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Sheldon Rankins belongs on the inside of an NFL defensive line

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Sure, the Louisville defensive lineman can play a little on the edge, but retired NFL defensive end Stephen White sees a player whose best work will come at defensive tackle.

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Watching Sheldon Rankins play in five games, I like him a lot, but I haaaaated the way Louisville used him for much of those games. Which isn't to say they used him wrong. Sometimes you have to put guys in positions that aren't necessarily most favorable to them, but are most favorable to the team when you're trying to win ball games.

I get that.

I just selfishly wish I could have seen Rankins play defensive tackle exclusively rather than anywhere else on the line.

It's not that Rankins was awful at defensive end or anything. He's a little shorter and not quite as fast as you usually need to be to kick ass on the edge the way he kicked ass inside. Hell, he was just a lot more fun to watch at defensive tackle.

The Auburn game was particularly frustrating to watch for me because it seemed like damn near the only times they didn't have Rankins at defensive end, they had him at tackle stunting wide for contain on the opposite side of a blitz. There just weren't many opportunities for Rankins to make plays in that situation.

Dah well, such is life.

I doubt Rankins will have to worry about playing outside much on the next level. What I see when I watch him on tape is a three-technique in a 4-3 defense or pass-rushing nose tackle, and I think he could probably thrive in either role in the NFL.

Before I go on, I know that Rankins at 6'1 and 299 pounds is around the same height and weight as Rams defensive tackle Aaron Donald, but that's where any comparisons between those two should end. Rankins is quick for a guy his size. However, Donald ran a 4.68 at the combine, which would have been one of the top times for a defensive end this year. Donald also had elite technique coming out, something that's rare to see in collegiate defensive linemen. It isn't fair to Rankins to mention them in the same breath.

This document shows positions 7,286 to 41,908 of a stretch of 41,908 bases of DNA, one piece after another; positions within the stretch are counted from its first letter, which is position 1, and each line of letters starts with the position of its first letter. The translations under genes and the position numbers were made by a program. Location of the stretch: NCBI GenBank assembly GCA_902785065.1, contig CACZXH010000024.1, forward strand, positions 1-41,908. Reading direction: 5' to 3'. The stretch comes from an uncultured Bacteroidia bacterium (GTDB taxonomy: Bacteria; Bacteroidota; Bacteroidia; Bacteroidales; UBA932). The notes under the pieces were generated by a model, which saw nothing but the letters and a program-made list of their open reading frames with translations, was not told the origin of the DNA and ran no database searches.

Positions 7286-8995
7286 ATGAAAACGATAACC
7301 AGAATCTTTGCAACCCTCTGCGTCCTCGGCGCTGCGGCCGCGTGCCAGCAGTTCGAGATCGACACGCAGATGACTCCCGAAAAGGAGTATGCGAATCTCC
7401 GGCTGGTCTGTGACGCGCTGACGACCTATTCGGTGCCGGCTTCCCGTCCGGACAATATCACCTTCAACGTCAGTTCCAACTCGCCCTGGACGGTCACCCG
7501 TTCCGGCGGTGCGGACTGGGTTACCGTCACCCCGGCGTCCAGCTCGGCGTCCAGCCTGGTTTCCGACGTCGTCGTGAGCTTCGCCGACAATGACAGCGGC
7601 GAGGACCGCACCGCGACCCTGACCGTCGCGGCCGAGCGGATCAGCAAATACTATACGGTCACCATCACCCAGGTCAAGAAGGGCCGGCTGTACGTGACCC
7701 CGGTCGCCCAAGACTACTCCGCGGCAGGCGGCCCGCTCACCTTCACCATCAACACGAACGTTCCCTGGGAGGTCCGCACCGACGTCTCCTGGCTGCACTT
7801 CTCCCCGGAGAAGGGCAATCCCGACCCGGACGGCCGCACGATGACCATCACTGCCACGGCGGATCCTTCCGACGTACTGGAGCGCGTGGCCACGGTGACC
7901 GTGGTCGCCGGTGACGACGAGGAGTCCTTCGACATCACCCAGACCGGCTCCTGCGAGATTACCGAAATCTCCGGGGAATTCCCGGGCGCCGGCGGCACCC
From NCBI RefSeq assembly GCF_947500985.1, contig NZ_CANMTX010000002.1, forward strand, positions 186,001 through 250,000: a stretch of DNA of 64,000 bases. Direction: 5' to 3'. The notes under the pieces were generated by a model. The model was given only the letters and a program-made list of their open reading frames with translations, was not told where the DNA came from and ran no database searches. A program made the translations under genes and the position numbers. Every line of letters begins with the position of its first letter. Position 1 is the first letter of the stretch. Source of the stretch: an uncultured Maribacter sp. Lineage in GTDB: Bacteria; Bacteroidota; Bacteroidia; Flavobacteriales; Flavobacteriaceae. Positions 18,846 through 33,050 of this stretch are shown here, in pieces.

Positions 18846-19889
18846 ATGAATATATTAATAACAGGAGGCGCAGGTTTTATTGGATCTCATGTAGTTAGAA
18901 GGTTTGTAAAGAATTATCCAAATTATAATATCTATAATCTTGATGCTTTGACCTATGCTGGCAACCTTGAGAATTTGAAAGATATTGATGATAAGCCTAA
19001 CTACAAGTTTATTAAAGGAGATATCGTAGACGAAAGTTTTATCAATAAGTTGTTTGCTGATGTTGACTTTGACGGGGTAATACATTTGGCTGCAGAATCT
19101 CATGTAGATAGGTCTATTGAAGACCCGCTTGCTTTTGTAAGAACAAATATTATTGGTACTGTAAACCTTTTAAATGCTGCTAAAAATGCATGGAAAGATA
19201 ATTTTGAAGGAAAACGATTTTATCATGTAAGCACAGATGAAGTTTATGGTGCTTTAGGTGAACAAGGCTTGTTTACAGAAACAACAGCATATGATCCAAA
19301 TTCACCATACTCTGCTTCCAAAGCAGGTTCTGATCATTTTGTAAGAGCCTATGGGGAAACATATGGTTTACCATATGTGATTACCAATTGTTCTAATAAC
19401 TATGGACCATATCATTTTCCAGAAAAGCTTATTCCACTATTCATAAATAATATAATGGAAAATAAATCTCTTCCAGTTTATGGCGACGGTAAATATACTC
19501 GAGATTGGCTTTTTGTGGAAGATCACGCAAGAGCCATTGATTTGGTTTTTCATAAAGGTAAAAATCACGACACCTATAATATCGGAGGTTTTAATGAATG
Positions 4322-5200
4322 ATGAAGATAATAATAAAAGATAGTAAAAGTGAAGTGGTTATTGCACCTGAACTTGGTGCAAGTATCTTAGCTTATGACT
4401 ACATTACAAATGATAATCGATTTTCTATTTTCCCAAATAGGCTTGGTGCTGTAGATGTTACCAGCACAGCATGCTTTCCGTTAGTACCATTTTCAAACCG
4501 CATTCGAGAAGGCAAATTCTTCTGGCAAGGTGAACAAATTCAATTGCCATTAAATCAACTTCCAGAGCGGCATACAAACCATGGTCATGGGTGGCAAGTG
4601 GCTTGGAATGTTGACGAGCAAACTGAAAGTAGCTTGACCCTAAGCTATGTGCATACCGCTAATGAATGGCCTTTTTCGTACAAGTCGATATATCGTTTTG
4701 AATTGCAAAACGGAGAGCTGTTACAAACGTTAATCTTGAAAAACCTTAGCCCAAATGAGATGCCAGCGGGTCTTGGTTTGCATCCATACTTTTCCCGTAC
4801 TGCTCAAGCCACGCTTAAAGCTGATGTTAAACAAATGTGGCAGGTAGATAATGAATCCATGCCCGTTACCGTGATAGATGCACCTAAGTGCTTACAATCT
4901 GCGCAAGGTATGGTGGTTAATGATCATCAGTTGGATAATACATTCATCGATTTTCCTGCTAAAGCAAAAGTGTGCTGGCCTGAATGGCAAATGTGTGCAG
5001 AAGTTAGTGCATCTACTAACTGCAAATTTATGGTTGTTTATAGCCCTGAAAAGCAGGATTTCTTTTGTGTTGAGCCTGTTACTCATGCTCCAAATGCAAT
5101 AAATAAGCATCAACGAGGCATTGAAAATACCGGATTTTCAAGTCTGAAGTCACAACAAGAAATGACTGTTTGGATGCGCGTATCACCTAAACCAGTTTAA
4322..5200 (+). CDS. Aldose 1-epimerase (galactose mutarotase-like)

That doesn't mean that Rankins can't get after it in his own way. He plays strong on tape and he has an impressive bull rush with that natural leverage his height affords him. He can also put guards in the blender when he chooses to beat them with finesse.

He has relatively long arms for his size and he knows how to use them both as a run defender and as a pass rusher. That's something most shorter defensive linemen have to be able to do, otherwise they end up getting engulfed by those huge NFL offensive linemen.

I also liked that against the run, Rankins consistently showed really good instincts and blocking scheme recognition when teams tried to run misdirection plays like counters and traps. When they tried to single-block him, Rankins was also able to do a good job of getting the offensive linemen pushed back into the backfield on a regular basis.

That led to Rankins being in on quite a few tackles near the line of scrimmage, which is what you want to see out of a productive defensive tackle, especially an undertackle/three-technique. Undertackles are meant to blow shit up in the backfield and cause chaos on the other side of the line of scrimmage, whether that means making the play themselves or setting up one of their teammates to make the play.